Is holding Art in your SMSF’s a dying art?
You may have read a number of recent articles and commentary proclaiming the doom of art held in SMSF’s.
See headline of “The art of retirement just got depressing with tax rules on collections” in the Sydney Morning Herald by Andrew Taylor (link here).
Essentially the argument is that the new rules regarding art (namely storage and insurance) are adding extra annual costs to the process of owning art as an investment, and this makes holding art in your SMSF unpalatable (capital growth & rental income [if available] cannot recover the annual costs of holding the investment).
Hence, SMSF’s are selling their art. Furthermore, the vast majority of art held in SMSF’s have to begin complying with the rules in 1 July 2016, so just beforehand we’ll see a massive sell off of artwork, which will cause market to collapse (supply overwhelms demand, hence prices fall).
As support of this argument, I quote from the article “The value of art and collectables held in SMSFs in March 2014 was $589 million, according to the Australian Tax Office, far below the peak of $731 million in 2012.” This indicates the decline of art in SMSF’s.
Yes, it all makes sense, but is this the end of the matter? Has the ATO’s rules ruined the art market? Are we heading for a catastrophic sell off? There is no doubt that the figures quoted above are accurate: $589m in March 2014 compared to $731m in March 2012 – seems damning……but, let’s look at the ATO statistics in more detail.
I’ve provided two graphs using the exact same ATO data, but just over two different timeframes:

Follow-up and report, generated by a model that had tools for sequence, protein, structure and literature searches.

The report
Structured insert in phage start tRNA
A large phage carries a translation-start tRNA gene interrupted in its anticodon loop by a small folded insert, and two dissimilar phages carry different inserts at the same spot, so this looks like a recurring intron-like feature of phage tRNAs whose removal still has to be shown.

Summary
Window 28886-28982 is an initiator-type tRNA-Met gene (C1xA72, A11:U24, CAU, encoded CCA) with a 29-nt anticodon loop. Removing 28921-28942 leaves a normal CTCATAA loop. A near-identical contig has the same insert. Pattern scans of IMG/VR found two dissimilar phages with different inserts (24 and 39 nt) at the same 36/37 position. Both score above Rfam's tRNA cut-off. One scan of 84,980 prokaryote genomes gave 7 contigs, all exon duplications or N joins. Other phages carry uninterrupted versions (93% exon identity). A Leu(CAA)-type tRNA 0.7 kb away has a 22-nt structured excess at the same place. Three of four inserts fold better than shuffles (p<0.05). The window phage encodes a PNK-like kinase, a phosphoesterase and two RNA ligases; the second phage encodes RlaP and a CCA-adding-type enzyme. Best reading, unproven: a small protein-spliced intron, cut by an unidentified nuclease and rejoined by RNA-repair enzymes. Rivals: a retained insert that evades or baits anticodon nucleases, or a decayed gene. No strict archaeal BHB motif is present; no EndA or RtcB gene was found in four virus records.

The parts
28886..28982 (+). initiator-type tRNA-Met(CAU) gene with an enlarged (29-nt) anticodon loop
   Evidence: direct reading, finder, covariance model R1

The first graph shows the holding of artwork since June 2009. You can see the peak in March 2012 of the $731m, which then falls sharply down. Why this fall at this date? It has to do with the rules.
The rules around storage and insurance came in 1 July 2011, but presumably it wasn’t until around Audit time and March 2012, people realised the consequences – hence a sell off (given that many wouldn’t have had to comply until 1 July 2016, maybe they were getting in ahead of the game?)
However, do you note something interesting? Look at the period from after June 2012 to March 2014. It’s actually risen (by about 9%). The second graph has closer a view.
If Art held by SMSF is purportedly dying, what can explain this?
• Most people buying Art & Collectables know the rules, so if they are so detrimental, why would assets be increasing over the last 2 years?
• As an Insurance Broker responsible for placing Art Insurance for newly acquired art, we’ve never been busier. Why?
Well, the answer is varied. However, I make two observations:
1. Investors are factoring in the costs into their decision making process. In otherwords, the ‘annual compliance costs’ (insurance & storage) are just an additional cost item in the mix. No different to buying shares and paying broker commissions; buying property and paying stamp duty, rates, insurance. Sure, the % of value is different, but similar analysis;
2. We’ve seen fewer investors with smaller holdings, but more investors with larger holdings. Insurance and storage costs are subject to economies of scale – in otherwords, both get cheaper as a % of the asset the larger the value gets. In storage, you may pay a cost for 1 cubic meter whether you fill it or not. An extra painting is essentially free. In insurance, there are some initial fixed fee costs but once you add a new asset the ‘additional cost’ is often much less – thus bring total extra cost down. Doubling the assets does not double the insurance cost.
So, what’s my opinion? Will the lead up to 2016 see a massive sell off like many people are predicting? I’m sure we’ll see a sell off, but I think we’ll see a sell off at the smaller end of town, and no change to larger holdings. We’ll see a reduction in the number of SMSF’s holding Art & Collectables, but not as much a decline in asset values. In fact, some SMSF’s may take the opportunity to buy during the price crash as they scoop up bargains. Post 1 July 2016, after a decline of indeterminate size, I predict we’ll then see a steady increase in Art held by SMSF’s. The ATO rules won’t ruin the art market after all.
What do you think? Let me know your thoughts.